SEXUAL HARASSMENT/SEXUAL ABUSE
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Sexual Harassment & Sex Discrimination
Sexual harassment and sex discrimination are illegal under both state and federal law. Every case is different and some are hard to prove.
Every workplace is susceptible to this problem. Employers have a legal responsibility to educate their employees about policies implemented to address harassment in the workplace. Employees themselves must be aware that sexual advances, favors, and other forms of sexual harassment are unwelcome and will be reported.
What Is the Legal Definition of Harassment?
Sexual harassment commonly involves male perpetrators and female victims, but under the law the sex of the involved parties does not matter. It can come not only from a boss or supervisor, but from company policy, co-workers, subordinates, or even clients or customers.
Sex discrimination can occur in any aspect of employment, including: hiring, firing, promotion, wages, and benefits.
There are two types of legal violations involving harassment and discrimination of a sexual nature: quid pro quo and hostile workplace.
Our sexual abuse team can handle sexual abuse, rape, sexual assault, sexual battery, workplace sexual harassment, and sexual harassment in a non-workplace environment matters.
Types of Violations
Quid Pro Quo Harassment
When an employer makes sexual acts or favors a condition of employment, pay increases, promotions, or other benefits, courts refer to this as “quid pro quo” sexual harassment. Whether or not the employee accepts or rejects these demands, if the demands are unwanted then they are illegal.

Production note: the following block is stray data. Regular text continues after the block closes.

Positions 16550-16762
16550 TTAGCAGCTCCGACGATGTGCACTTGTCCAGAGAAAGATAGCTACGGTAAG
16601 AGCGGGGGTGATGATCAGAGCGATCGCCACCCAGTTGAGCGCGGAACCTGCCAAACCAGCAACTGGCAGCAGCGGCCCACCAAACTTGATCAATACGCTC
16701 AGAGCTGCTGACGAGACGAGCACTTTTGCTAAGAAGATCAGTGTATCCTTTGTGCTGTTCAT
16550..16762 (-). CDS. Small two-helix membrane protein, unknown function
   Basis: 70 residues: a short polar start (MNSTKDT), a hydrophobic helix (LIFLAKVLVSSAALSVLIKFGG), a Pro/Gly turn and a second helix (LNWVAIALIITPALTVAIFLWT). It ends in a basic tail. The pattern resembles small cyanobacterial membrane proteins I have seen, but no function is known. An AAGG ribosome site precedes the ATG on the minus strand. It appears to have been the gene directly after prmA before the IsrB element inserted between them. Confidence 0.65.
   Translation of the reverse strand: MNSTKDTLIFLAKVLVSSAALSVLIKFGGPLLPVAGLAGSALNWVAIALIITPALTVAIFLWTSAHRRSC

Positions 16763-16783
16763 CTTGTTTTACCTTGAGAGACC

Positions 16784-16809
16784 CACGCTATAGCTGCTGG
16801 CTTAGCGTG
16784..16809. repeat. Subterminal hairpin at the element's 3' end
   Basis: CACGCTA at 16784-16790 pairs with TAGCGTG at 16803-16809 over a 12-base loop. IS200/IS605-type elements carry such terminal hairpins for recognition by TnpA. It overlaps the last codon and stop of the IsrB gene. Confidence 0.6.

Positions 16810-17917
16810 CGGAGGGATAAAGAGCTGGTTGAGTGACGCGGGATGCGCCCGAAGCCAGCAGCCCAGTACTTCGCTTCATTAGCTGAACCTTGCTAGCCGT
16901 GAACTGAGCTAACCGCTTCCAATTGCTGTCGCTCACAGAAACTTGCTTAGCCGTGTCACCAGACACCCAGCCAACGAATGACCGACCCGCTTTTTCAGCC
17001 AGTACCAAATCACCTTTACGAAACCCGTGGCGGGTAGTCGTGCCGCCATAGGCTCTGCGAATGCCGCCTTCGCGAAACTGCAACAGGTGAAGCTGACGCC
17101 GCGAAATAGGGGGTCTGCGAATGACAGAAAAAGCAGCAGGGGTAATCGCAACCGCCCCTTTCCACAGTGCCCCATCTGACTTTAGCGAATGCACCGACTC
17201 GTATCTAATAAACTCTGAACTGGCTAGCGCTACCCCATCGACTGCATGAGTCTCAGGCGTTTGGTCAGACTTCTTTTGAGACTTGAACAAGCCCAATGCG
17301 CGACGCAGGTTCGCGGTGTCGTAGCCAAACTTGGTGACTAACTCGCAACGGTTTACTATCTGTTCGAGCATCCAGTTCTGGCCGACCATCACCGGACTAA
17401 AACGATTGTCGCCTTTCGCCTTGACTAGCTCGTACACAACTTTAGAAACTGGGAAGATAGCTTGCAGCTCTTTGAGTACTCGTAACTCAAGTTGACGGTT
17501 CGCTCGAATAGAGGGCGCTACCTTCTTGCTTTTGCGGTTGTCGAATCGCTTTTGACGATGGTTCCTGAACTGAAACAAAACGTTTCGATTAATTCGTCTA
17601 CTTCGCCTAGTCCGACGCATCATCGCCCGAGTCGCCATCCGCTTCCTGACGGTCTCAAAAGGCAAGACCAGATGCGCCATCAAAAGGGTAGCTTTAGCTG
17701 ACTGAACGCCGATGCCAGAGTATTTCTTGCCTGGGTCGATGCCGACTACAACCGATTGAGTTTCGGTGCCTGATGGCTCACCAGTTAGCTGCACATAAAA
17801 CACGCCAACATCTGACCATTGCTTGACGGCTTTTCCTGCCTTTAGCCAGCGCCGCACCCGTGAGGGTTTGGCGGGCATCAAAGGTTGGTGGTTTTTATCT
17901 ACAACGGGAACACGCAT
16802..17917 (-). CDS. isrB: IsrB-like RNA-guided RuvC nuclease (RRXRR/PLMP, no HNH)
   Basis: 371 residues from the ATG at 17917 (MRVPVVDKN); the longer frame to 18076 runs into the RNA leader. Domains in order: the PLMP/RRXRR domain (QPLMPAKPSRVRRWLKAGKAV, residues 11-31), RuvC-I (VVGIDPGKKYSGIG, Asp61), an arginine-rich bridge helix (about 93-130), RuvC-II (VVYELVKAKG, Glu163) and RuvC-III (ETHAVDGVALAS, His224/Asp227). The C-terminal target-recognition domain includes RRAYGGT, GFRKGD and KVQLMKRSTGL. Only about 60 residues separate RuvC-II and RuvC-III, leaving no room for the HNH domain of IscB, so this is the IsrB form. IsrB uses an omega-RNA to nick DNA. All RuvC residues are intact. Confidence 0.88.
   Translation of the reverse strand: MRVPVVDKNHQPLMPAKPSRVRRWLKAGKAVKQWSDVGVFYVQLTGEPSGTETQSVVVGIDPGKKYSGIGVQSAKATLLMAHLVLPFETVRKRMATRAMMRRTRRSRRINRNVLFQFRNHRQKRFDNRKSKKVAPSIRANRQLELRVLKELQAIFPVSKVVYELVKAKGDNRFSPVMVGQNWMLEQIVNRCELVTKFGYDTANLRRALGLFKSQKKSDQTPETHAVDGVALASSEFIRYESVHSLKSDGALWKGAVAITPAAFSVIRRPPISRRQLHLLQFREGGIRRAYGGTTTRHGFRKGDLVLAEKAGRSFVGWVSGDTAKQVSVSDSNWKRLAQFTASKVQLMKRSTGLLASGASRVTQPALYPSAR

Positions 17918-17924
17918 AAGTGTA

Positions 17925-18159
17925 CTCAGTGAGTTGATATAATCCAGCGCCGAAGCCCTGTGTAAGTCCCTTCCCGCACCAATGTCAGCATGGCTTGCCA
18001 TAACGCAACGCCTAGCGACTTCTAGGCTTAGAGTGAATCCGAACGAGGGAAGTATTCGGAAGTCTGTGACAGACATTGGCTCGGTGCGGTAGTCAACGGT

Any retaliation that occurs as a consequence of the employee rejecting these advances is also illegal.
Separately, some forms of sexual harassment become illegal because they create a hostile work environment. This occurs when behavior and conduct of a sexual nature is so severe and pervasive that an employee is prevented from performing their job.
Hostile work environment cases are not limited to direct victims of this harassment in the workplace. They may also involve third-party witnesses to the the harassment, for whom the harassment is so severe that it prevents them from effectively doing their job even though they are not directly involved.